Farmer, who died last week, might have been the first author I tried to collect. Not sure exactly because that was in high school some three decades ago but at that time used bookstores were full of stuff you just don't see any more. So while I don't completely remember precedence that was when I was also picking up anything I saw by Dick, Bloch, Moorcock, Ellison and some writers with smaller bibliographies such as Disch. Not sure why Farmer - it might have been the whiff of the risque that interested a high schooler (his three Essex House books weren't reissued until college), the somewhat metafictional conceits of his fake biographies, the big idea behind Riverworld, the variety of genres (perhaps subgenres is more accurate) or probably just the sheer volume and confusion of his output. This latter is always a key factor for a geek, mastering a mass of information that in some way doesn't really matter what the information is.
It's been probably 20 years since I've read anything of Farmer's but the Riverworld series is what's stuck most firmly. It had one of those "wow" setups and an elaborate story that wasn't quite like anything else. The final revelation of what actually caused Riverworld was something of a let down, mainly because after years and a few novels anything would have been a let down. Perhaps Farmer should have wrapped this all up in the first book and then used the rest as installments but SF&F writers tend to think big (or at least trilogies) when that's not always the way to go. But apart from that the Riverworld books had an abundance of ideas & situations that were constantly surprising.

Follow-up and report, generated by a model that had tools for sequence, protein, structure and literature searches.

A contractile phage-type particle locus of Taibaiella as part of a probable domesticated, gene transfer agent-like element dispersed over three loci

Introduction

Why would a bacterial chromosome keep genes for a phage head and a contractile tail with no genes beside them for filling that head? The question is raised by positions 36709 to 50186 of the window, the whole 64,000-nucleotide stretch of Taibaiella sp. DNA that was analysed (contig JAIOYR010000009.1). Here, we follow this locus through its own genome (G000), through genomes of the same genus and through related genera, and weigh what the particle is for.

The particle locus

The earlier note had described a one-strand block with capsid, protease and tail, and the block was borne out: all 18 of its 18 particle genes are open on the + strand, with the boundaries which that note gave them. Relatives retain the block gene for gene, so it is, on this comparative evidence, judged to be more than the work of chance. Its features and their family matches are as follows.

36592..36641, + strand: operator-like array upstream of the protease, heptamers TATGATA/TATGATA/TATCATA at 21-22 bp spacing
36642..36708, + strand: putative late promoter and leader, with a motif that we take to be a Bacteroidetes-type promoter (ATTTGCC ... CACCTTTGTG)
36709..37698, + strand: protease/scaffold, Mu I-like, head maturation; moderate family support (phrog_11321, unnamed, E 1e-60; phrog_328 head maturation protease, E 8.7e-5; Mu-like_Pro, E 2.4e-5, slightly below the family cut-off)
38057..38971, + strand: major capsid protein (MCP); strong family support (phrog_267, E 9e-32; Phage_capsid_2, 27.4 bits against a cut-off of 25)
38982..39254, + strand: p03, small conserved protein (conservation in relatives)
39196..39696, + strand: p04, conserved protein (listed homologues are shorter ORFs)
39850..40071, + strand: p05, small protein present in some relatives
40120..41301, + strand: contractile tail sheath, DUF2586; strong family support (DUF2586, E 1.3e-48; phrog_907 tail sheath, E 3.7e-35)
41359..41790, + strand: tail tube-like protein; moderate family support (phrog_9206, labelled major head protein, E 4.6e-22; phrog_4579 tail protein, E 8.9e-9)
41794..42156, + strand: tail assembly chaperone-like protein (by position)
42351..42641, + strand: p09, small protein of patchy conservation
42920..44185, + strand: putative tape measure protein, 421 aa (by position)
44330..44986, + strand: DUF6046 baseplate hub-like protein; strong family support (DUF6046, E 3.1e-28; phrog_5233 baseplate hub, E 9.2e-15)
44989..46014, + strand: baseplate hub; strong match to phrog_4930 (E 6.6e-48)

Farmer's rethinking of fictional characters and then linking them (in what's come to be called the Wold Newton universe) seemed quite brilliant to me at the time though more pedestrian in retrospect, almost like slash fiction minus much of the slashing. To a large degree Farmer was breaking this ground. (I read Myer's Silverlock when it was reissued in the 70s--Wikipedia says 1982--but wasn't very familiar with its classic lit sources.) By now of course we have League of Extraordinary Gentlemen where Moore does something similar but for more serious ends.
Other than that not much of Farmer's work has stayed in my head if I even read more. I do remember A Barnstormer in Oz feeling like a distinct mistake and am pretty sure I got through Lord Tyger and at least a couple of story collections. Nothing from the World of Tiers series and probably little of the very earliest stuff. And of course his notorious sub-Joycean contribution to Dangerous Visions that really should have stayed in the desk drawer.